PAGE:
Wednesday, August 10, 2011

Statistics and Information Are Two Different Things

Winning at the Track with Eb Netr..........
I've written before about how statistics can help us handicap. The more we know about a dog, the better we can evaluate its chances of hitting the board in any given race. Thanks to the internet, statistics are easy to find nowadays. Programs are free and most tracks publish kennel, post position and other helpful statistics.
But where this all breaks down is when handicappers mistake statistics for information that can help them pick winners. Statistics are facts. Data. Raw figures that tell us, for instance, that the #1 dog's kennel has a 12% win average, which is good. It might even tell us, when we compare kennels stats, that the #1's kennel has the top win percentage at that track. This is good to know, but it's not really information until we use it.

Useful information is what stats become after we read them, process them and apply them to the current handicapping situation. For instance, knowing that the 1 is from a top kennel, tells us that it's likely to be in good form and trained well. We can keep that information in mind as we sift the other factors such as Class, Speed, Post Position and Running Style.
Am I being picky by saying that the two things - statistics and information - are two different things? Maybe, but I think it's important that handicappers learn to distinguish between the two. Data can help us handicap, but only if we evaluate it and apply it to the situation of today's race. In other words, you wouldn't bet on the 1 dog, just because it's out of the top kennel. You'd look at the rest of its stats, put them together, compare it to the other dogs in the race and then decide if it's worth putting money on.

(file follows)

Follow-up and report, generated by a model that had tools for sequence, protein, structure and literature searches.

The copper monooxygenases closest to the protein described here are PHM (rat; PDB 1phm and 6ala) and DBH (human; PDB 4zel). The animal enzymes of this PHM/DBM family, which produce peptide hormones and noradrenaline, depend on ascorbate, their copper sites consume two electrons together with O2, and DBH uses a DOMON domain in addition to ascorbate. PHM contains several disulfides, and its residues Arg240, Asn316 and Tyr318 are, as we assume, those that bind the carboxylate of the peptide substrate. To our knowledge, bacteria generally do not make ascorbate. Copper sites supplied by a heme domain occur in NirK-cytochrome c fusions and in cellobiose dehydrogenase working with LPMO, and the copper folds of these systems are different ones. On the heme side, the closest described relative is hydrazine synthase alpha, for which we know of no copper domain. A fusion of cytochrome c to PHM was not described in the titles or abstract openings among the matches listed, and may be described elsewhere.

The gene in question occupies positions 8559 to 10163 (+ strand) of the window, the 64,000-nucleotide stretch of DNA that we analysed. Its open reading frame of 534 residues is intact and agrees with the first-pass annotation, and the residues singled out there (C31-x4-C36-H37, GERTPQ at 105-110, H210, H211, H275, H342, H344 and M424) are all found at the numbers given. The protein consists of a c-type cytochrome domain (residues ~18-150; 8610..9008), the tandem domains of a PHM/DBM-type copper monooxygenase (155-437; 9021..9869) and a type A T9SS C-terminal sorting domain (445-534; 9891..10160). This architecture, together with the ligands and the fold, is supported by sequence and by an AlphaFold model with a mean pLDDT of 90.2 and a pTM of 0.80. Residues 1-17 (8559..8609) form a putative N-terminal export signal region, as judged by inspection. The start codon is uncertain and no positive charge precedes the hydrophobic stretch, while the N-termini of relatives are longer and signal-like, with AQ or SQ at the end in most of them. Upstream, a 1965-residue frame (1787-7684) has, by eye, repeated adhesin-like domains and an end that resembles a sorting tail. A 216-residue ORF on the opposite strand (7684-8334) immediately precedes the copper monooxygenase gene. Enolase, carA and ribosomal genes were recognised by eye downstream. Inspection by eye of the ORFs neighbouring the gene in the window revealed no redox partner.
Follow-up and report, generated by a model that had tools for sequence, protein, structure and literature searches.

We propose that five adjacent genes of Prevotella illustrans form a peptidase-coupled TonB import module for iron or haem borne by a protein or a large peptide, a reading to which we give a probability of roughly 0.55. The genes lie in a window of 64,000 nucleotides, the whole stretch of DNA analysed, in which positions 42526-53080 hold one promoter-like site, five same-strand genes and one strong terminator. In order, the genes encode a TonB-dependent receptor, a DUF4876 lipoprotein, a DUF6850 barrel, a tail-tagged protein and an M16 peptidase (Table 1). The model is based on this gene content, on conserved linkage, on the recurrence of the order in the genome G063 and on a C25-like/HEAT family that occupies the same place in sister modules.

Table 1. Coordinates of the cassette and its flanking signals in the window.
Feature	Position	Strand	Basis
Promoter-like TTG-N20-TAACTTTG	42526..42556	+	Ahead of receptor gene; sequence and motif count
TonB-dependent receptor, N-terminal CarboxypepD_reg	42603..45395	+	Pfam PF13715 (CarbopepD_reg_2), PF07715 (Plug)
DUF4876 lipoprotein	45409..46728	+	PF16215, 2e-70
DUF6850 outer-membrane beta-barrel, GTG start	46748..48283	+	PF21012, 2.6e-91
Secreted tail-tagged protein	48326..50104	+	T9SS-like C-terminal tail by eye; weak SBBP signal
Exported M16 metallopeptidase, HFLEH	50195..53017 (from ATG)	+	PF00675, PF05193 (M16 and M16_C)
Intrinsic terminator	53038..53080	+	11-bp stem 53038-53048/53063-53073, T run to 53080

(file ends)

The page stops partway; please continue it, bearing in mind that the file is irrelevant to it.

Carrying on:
Statistics are wonderful things, but not in isolation. Handicapping is a subjective kind of thing where judgment, experience and even intuition come into play. Data is factual. It's static. It's like a snapshot in time, but often it's a time that has past. Knowing that a dog has been winning at a rate of 15% doesn't tell us whether it will win today. Stats that show that a kennel wins a higher percentage of its starts than any other kennel, don't tell us that it will win every race. And, most importantly, stats that applied this morning, don't tell us who will win this afternoon.
To figure out what will happen today, we can only use data based on the races that came before today with a big dose of information based on the stats and our interpretation of them.
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